For most solopreneurs, the idea of having a photoshoot for their personal brand sounds exciting and, at the same time, nerve wrecking. I get it. I too, have a personal branding, and I hired another fellow photographer to take photos of me. I am so used to be behind the camera or take selfies myself, that I had a freak out moment and a million questions popped into my head. So I took note of all the things that could be helpful for another personal brand having a photoshoot.
So here are a few tips to give you peace of mind:
1. Decide what you need the photos for
Be specific and choose from the options below.
- Website About Me Page
- Blog Posts
- Website Contact Us Page
- Products & Services Page
- Google Plus
- Landing Pages
- Downloads (Free gifts & opt ins)
- Emails Campaigns
- Business Cards
- Printed brochures
- Articles in Magazines, Industry Journals and Newspapers
- Cards,eg. Birthday, Thank You for your business, etc.
2. Decide how many photos you want
After going through the list above, calculate how many photos you are going to need.
3. What type of feel do you want your photographs to have?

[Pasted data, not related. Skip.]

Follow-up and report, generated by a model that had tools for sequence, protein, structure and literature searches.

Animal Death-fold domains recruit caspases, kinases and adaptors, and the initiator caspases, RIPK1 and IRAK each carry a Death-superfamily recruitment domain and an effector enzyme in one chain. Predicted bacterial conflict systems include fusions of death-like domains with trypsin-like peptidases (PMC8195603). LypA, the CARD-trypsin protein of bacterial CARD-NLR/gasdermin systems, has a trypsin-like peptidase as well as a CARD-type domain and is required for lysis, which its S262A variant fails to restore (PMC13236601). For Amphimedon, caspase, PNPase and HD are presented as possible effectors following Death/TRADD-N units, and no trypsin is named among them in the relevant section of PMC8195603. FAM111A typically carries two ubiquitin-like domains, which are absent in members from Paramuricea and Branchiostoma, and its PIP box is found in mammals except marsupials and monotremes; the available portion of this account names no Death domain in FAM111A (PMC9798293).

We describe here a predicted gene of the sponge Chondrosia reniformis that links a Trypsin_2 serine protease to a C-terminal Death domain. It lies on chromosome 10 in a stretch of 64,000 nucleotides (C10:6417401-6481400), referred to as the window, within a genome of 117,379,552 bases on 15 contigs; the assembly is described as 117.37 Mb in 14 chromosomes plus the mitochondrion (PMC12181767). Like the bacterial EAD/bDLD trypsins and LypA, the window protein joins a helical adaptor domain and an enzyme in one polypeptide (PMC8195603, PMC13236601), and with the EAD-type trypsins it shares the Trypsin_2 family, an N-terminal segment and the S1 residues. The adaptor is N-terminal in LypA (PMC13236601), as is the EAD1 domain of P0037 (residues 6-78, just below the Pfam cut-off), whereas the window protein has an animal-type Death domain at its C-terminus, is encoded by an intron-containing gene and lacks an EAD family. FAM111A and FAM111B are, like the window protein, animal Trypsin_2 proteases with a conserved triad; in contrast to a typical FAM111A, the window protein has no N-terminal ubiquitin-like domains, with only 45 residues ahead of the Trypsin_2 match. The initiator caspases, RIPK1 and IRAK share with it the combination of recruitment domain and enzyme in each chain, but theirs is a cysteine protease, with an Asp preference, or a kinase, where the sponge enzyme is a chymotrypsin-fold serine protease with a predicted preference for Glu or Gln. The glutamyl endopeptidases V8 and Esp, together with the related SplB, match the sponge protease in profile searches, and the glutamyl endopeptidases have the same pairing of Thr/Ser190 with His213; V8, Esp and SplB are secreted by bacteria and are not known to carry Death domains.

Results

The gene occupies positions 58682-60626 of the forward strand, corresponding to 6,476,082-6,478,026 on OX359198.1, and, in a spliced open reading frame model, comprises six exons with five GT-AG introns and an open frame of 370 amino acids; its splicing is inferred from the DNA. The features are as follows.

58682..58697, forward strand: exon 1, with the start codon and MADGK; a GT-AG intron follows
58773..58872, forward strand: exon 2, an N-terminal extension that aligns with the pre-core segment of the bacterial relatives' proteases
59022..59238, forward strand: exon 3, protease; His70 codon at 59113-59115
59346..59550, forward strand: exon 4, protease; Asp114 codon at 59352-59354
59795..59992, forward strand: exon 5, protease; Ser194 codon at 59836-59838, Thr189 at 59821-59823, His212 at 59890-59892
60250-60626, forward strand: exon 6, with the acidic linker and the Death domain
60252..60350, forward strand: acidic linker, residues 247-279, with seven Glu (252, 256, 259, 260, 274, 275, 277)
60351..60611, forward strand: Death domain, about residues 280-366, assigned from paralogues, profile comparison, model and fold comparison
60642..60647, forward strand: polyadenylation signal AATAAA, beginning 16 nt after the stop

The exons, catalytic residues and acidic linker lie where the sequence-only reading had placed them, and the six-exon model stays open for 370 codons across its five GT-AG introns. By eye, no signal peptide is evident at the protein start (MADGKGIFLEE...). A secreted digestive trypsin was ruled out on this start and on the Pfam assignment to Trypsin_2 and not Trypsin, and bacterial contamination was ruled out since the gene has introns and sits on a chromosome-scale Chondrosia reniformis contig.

4. Choose the color palette that works with your brand
Colors matter. It's easiy to get carried away and want to wear every single color on your wardrobe. Just like everything in life, less is more. Narrow down to the 3 main colors of your brand and stick with it. Not just for the wardrobe, but also for the location you choose for the photoshoot.
5. Be authentic
For a personal brand, this is everything. Don't try be somebody that you are not. Just be yourself and let your photographer capture YOU and your message.
6. Mega batch your photoshoot
Save time and money. When you know what you need and how many photos you will need for a year you can mega batch the photos.
The key is to get the variety that you need by changing outfits, locations and backdrops, while having all the shots looking cohesive.
7. Communicate with your photographer
Communication is key. For example, if a client tells me they need a photo to use with txt, I make sure I leave enough negative space for that photo, so that txt can be added without the image looking crowded.
Let me know below which tip was the most helpful or if you have another tip to add to the lot.
Thanks for reading.
And here is a little video with the same info: